Morgan Stanley wins back $3M bonus from insider trader

A Finra arbitration panel ordered Vladimir Eydelman to repay his former firm after he was fired in March amid charges of insider trading

Sep 29, 2014 @ 3:50 pm

By Mason Braswell

+ Zoom
(Bloomberg News)

Morgan Stanley Wealth Management has recovered more than $3 million in bonuses it paid to Vladimir Eydelman, a former broker who was accused of taking part in an insider trading scheme that involved a tipster chewing up stock tips under the iconic clock in Grand Central Terminal.

An arbitration panel with the Financial Industry Regulatory Authority Inc. ordered Mr. Eydelman to repay the firm $2.9 million plus interest after Morgan Stanley filed a claim in April against him for breach of three promissory notes. Mr. Eydelman was fired in March after the Securities and Exchange Commission accused him of an insider trading scheme that allegedly netted more than $5.6 million in illicit profits over a four-year period.

Promissory notes are commonly used by Morgan Stanley and other larger brokerage firms as recruiting incentives, and usually are offered in the form of an upfront loan that averages 150% or more of the annual revenue for a top broker. Mr. Eydelman owed $2.3 million on one of the notes and more than $300,000 on two others, according to the award. The notes could also be tied to deferred compensation Mr. Eydelman received in exchange for performance at the firm.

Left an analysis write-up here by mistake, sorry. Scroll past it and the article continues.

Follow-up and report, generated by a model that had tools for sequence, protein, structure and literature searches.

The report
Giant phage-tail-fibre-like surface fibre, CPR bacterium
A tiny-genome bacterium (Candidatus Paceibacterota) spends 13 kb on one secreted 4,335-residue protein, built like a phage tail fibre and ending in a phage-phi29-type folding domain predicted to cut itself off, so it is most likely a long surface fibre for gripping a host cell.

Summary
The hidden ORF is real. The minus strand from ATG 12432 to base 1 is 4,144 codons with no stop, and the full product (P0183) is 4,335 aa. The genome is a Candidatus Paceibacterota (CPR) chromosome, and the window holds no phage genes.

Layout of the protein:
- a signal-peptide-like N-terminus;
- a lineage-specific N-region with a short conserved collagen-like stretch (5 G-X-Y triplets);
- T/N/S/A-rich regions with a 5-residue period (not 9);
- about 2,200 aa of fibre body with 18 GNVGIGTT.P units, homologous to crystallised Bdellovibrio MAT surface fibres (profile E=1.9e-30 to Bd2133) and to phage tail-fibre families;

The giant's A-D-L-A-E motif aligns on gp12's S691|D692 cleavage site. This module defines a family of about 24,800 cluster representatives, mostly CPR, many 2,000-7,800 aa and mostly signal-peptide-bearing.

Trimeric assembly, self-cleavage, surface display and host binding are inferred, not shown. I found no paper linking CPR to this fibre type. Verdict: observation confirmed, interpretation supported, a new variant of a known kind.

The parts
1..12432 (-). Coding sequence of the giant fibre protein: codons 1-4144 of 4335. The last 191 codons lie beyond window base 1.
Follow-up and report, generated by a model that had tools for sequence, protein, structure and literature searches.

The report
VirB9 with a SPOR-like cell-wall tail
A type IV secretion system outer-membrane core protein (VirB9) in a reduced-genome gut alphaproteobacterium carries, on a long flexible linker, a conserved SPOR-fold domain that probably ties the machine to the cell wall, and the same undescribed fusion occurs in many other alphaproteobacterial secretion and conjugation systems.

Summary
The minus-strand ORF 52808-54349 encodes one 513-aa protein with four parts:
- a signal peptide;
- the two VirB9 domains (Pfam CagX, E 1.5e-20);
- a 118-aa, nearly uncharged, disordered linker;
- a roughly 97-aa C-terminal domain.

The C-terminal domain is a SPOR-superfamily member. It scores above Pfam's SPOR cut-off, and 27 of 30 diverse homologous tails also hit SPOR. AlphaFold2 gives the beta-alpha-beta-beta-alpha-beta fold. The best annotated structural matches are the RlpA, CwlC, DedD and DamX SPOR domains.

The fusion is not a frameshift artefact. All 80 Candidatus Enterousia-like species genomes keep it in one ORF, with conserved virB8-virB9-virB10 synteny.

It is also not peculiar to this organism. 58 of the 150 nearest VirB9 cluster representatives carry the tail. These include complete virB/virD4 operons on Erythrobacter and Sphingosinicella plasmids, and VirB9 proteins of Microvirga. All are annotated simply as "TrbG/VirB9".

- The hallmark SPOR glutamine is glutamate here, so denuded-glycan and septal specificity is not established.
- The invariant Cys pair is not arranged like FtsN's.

The terms of the notes generally require that the broker remain at the firm and not leave or get fired for a certain number of years, while meeting performance requirements, in order for the loan to be forgiven.

Mr. Eydelman's allegedly illegal trades likely sweetened the bonus he was paid to move over to Morgan Stanley from Oppenheimer & Co. Inc. in 2012, three years after the alleged scheme began, according to Marc Dobin, a securities and arbitration lawyer with an eponymous practice.

The SEC said Mr. Eydelman received “substantial commissions” for the trades in about 50 accounts, in addition to his own accounts and those of his two alleged partners in the scheme.

“Fifty customer accounts were traded on this insider information, so he may have at least bumped up his production,” Mr. Dobin said. “The firm would have been within its rights to go after him, even for the commissions, if they wanted.”

Moreover, from trading in Brink's Home Security Holdings Inc., Mr. Eydelman allegedly made more than $773,000 for himself; his customers; the alleged tipster, Steven Metro; and a middleman, a Brooklyn mortgage broker, Frank Tamayo, who recently pleaded guilty for his role.

Mr. Tamayo said Mr. Metro stole data about mergers and acquisitions or tender offers from computers at Simpson Thacher & Bartlett in New York. Mr. Metro gave the data to Mr. Tamayo, who said he met Mr. Eydelman near the large clock in the main concourse at Grand Central Station. Mr. Tamayo said he wrote the relevant ticker symbols on pieces of paper or napkins and showed Mr. Eydelman.

He then folded up the note, “placed it into his mouth and chewed the paper or napkin to destroy it,” according to a charging document.